Most chilling of all, this is new: After decades of relatively peaceful coexistence with cod and halibut fishers off the coast of Alaska, the region’s orcas appear to be turning on them in greater numbers.

“We’ve been chased out of the Bering Sea,” said Paul Clampitt, Washington State-based co-owner of the F/V Augustine.

Like many boats, the Augustine has tried electronic noisemakers to ward off the animals, but the orcas simply got used to them.

“It became a dinner bell,” said Clampitt.

John McHenry, owner of the F/V Seymour, described orca pods near Alaska’s Aleutian Islands as being like a “motorcycle gang.”

“You’d see two of them show up, and that’s the end of the trip. Pretty soon all 40 of them would be around you,” he said.

A report this week in the Alaska Dispatch News outlined instances of aggressive orcas harassing boats relentlessly — even refusing to leave after a desperate skipper cut the engine and drifted silently for 18 hours.

These are not Coasean orcas, or are they?  And sperm whales are now in on the act:

Fishing lines are also being pillaged by sperm whales, the large square-headed whale best known as the white whale in Moby Dick.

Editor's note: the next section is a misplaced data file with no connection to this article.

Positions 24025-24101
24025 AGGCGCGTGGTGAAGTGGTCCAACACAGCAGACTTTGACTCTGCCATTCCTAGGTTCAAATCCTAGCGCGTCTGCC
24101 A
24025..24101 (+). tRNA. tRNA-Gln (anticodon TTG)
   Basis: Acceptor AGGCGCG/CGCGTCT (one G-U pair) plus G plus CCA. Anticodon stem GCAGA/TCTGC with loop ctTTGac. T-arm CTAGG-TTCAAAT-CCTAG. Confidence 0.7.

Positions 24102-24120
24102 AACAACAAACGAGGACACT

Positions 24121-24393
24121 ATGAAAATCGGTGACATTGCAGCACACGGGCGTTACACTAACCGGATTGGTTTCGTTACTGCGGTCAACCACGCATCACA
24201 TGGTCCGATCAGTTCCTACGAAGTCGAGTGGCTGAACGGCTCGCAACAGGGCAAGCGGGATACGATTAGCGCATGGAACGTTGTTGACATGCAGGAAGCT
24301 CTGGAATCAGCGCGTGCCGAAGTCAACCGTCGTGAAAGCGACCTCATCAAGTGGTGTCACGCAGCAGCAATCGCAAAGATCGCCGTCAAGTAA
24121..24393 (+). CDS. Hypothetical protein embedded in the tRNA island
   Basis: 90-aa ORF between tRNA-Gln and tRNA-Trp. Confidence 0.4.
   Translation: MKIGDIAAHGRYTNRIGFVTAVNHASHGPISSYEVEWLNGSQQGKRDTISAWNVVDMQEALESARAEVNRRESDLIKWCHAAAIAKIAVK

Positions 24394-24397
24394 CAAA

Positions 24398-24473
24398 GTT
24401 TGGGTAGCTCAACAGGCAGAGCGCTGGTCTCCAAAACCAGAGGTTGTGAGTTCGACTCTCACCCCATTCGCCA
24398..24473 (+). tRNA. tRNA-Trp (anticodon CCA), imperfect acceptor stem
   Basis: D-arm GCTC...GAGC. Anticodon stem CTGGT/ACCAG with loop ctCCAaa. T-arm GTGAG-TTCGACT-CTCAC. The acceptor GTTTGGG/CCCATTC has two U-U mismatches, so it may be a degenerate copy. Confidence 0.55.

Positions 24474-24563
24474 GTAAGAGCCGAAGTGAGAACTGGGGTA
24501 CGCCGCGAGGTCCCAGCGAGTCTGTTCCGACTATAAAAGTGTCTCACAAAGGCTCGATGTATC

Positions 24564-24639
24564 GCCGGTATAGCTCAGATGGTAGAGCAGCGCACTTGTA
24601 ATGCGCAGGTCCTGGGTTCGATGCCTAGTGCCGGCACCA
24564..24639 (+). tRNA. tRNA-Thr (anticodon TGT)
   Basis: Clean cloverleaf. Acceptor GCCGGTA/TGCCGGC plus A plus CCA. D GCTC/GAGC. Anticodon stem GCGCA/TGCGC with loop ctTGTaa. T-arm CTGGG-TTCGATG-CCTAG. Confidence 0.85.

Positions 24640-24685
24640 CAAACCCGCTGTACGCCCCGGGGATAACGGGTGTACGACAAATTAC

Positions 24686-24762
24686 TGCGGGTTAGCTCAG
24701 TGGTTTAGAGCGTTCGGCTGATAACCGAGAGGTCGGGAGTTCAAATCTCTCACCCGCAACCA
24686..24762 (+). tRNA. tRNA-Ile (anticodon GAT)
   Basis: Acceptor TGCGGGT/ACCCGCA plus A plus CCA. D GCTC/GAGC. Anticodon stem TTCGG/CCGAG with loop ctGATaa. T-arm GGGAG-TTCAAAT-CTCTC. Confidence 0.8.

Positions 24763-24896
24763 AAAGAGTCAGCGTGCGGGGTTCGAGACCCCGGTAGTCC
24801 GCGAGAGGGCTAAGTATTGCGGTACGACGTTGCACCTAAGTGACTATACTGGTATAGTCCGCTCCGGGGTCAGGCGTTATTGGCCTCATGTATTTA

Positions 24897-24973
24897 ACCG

“Since 1997, reports of depredation have increased dramatically,” noted a report by the Southeast Alaska Sperm Whale Avoidance Project.

A remarkable 2006 video by the Avoidance Project captured one of the 50,000 kg whales delicately shaking fish loose from a line. After a particularly heavy assault by sperm whales, fishers are known to pull up lines in which up to 90 per cent of the catch has disappeared or been mangled.

Here is the full story, with video, and further points of interest.  For the pointer I thank the excellent Mark Thorson.

I am of course excited about this, as his 1491 and 1493 are two of my favorite books:

The Wizard and the Prophet: Two Remarkable Scientists and Their Dueling Visions to Shape Tomorrow’s World